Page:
Tate had just 21 receptions for 227 yards and no touchdowns in his rookie season, but he has seen improvement each year since then. He helped the Seahawks get to the playoffs and that elusive title with a 64-catch, 898-yard campaign in 2013.
The problem with those numbers is that he was the de facto No. 1 receiver in Seattle for the vast majority of the season. Injuries to Sidney Rice and newcomer Percy Harvin gave Tate the starting gig, and he wasn't lights out.
With Harvin hopefully healthy next year, Tate could be a dangerous No. 2 option for the Seahawks. Their payroll is getting set to explode, though, with guys like cornerback Richard Sherman, safety Early Thomas and quarterback Russell Wilson aiming for big paydays in the coming years. Tate might have to stay on for relatively cheap salary in order for the Seahawks to afford him.
Here is what Tate recently had to say about giving Seattle a hometown discount, per Josh Katzowitz of CBS Sports:
I probably shouldn't even say this right now but I'm going to say it anyway just because I love Seattle. Honestly, I would rather take a little less to be happy and win ball games than to take way more and go to a crappy city where the fans don't give a crap about the team...You win a game once a month or something like that. I would much rather stay in the situation that I have now for a little less than to go and try to break the bank somewhere else.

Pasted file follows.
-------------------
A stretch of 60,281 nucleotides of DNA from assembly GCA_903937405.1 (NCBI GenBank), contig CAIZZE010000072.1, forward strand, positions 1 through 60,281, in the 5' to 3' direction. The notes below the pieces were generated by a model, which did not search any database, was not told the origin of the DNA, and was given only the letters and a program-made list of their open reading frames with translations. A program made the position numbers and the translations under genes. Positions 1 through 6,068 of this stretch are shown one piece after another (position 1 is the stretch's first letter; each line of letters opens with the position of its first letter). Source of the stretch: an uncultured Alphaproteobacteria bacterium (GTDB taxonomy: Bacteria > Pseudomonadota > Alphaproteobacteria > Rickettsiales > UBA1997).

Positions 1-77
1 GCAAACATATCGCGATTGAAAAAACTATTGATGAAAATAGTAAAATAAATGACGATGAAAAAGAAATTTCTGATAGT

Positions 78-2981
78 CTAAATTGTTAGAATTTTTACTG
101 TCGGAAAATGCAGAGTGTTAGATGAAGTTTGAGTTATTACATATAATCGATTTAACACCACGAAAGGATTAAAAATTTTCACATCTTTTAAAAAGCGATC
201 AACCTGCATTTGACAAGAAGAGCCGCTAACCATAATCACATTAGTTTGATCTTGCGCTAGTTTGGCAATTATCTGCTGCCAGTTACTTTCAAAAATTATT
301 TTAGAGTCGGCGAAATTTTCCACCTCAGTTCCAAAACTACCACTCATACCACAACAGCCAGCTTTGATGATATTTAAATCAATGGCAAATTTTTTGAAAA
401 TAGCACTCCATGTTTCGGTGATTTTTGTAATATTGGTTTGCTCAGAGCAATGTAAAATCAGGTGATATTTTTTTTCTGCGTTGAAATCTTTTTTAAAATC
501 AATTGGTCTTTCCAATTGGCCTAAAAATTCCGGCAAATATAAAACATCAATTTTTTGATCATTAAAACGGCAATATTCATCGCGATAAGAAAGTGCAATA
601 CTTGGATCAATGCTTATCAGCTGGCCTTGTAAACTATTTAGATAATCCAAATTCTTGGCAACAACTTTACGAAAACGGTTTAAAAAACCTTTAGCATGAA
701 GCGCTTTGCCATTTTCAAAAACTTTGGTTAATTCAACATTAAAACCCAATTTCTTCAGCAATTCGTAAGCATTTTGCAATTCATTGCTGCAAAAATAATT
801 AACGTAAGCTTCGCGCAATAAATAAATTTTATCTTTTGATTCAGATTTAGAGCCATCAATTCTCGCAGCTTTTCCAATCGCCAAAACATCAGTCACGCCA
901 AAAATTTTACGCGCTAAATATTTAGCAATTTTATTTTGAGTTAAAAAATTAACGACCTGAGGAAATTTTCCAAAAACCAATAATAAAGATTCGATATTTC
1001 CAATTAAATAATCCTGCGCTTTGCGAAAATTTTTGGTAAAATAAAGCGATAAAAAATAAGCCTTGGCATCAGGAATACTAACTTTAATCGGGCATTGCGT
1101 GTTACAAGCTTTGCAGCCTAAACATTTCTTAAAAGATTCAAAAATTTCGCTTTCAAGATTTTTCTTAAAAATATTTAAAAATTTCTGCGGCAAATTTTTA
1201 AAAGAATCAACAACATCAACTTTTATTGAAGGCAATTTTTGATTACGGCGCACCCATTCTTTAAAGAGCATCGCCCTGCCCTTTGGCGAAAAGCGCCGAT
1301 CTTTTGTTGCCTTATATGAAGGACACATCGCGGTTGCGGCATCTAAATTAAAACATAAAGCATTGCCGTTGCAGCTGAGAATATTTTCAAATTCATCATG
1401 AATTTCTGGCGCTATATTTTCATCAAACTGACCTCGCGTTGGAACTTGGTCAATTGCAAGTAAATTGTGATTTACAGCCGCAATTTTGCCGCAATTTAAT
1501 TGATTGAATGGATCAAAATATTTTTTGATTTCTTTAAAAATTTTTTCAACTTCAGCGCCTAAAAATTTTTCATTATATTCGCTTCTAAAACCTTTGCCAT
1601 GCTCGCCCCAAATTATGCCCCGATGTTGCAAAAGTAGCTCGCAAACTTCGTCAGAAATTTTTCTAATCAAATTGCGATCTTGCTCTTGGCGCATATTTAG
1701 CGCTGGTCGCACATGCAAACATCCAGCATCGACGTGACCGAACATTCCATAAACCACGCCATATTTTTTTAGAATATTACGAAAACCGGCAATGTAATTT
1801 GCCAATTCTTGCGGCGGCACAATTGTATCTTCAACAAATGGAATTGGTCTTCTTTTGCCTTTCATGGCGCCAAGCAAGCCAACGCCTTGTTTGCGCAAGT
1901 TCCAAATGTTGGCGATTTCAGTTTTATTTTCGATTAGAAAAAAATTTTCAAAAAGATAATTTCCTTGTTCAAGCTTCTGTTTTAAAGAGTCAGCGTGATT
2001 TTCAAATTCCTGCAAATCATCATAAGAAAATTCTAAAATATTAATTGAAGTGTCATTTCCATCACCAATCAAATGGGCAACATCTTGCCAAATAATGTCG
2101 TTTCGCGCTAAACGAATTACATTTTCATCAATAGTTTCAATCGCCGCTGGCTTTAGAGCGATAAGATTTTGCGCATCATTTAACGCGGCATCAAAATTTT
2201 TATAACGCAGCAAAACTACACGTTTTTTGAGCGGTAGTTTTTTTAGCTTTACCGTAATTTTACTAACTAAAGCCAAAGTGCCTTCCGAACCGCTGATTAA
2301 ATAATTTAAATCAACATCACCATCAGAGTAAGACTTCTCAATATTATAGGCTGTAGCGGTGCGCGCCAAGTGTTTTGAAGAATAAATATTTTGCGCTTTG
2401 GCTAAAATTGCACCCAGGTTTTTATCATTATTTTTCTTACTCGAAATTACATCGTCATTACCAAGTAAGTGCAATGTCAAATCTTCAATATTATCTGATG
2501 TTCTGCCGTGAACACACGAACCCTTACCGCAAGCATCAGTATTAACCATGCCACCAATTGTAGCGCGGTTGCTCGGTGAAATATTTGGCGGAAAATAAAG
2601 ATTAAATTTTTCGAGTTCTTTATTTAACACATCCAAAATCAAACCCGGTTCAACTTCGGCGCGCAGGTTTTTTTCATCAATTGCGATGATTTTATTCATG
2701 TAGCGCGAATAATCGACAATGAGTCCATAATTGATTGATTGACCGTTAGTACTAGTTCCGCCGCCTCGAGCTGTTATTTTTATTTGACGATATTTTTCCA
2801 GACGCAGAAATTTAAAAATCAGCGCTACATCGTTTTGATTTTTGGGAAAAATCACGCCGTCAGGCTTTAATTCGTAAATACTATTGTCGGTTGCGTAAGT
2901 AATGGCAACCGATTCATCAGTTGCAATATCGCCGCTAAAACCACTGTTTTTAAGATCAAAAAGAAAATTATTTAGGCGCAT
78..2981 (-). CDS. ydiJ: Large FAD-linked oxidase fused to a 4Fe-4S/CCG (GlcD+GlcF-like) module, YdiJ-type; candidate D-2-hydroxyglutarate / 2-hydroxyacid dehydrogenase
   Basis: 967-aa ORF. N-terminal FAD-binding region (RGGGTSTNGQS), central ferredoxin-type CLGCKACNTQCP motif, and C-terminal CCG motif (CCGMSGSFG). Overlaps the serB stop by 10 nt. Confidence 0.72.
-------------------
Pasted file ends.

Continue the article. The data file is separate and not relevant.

Tate's agent probably winced at those words, but it might not be a bad idea. Tate might have had a career year, but his numbers and tape don't scream "pay me!"
Wide receiver Eric Decker may well be the best receiver available in free agency. So why take a hometown discount?
For starters, Decker is arguably the best receiver available by virtue of health. Fellow receivers Hakeem Nicks and Jeremy Maclin, for example, would certainly be ahead of Decker if there weren't any injury concerns.
More to the point, however, is the fact Decker might be best served sticking with the reigning MVP, quarterback Peyton Manning.
Assuming Manning's neck checks out this offseason, it's a good bet he will be around for at least another season or two. Decker has thrived in Denver, and Manning is a big reason why.
Cornerback Charles Tillman has been a defensive stalwart for the Bears. He has even guaranteed he will retire a Chicago Bear, per Paul Jackiewicz of ProFootballZone.com:
With free agency looming for Bears cornerback Charles Tillman, he guaranteed that he’ll retire as a Bear.
“There has been speculation that Tillman will want to leave the Bears to go play for Lovie Smith in Tampa Bay, but the cornerback insists he wants to end his playing career in Chicago. ”In a perfect world, I will finish as a Bear,” Tillman said via CBS Radio in Chicago. “I guarantee you I will retire as a Chicago Bear. I guarantee that.”
Of course, guarantees ring hollow—Tillman could simply sign a one-day contract just before retiring with the Bears.
The 33-year-old cornerback coming off an injury-marred season might not have many suitors on the open market. Tampa Bay sounds like an intriguing and likely option, but so his best option might be to give the Bears a hometown discount.